Major new study provides little grounds for celebration, says Europa Uomo
A new analysis of cancer death rates in Europe shows they have dropped by 7% in men and 5% in women in the six years since 2015, but that some cancers – including prostate cancer – are lagging behind others in their rate of decline.
The study, published in the leading cancer journal Annals of Oncology, covers 27 EU Member States plus the UK, based on World Health Organization and Eurostat databases. It predicts that 67,100 men will die of prostate cancer in 2021, compared with 63,171 in 2015, so the absolute number of deaths continues to rise. When converted into an age standardised death rate, the rate is falling – by 8.7% for prostate cancer.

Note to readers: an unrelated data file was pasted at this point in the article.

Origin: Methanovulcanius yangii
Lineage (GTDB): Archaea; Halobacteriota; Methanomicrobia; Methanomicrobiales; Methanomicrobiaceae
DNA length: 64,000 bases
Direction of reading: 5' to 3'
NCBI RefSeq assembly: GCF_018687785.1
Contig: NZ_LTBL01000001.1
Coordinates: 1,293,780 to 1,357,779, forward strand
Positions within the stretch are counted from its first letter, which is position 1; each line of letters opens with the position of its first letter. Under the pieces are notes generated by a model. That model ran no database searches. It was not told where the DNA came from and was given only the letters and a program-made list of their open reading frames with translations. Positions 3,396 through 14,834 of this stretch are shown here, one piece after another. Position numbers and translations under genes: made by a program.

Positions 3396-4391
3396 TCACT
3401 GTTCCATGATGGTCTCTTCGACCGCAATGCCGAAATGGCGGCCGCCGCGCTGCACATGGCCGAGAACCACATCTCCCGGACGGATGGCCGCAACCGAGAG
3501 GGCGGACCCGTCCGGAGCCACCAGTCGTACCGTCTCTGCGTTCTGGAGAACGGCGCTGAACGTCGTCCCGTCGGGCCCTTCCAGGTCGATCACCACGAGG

Although this decrease is greater than colorectal and pancreatic cancers, it lags behind the death rate fall in stomach, lung, bladder and blood cancers in men.
André Deschamps, Chairman of Europa Uomo, points out that despite the falling death rate, the study indicates an absolute rise in prostate cancer deaths of 6.2% in Europe and 2.3% in the UK between 2015 and 2021.
“This is a concerning rise, and I suspect it is due to an increase in late diagnosis,” he says. “In UK there is more of a focus on early diagnosis than there is on average across the EU.”
“In the light of this new analysis, it’s important to remember that prostate cancer deaths are still on the rise compared to other cancers and the need for early detection is urgent.”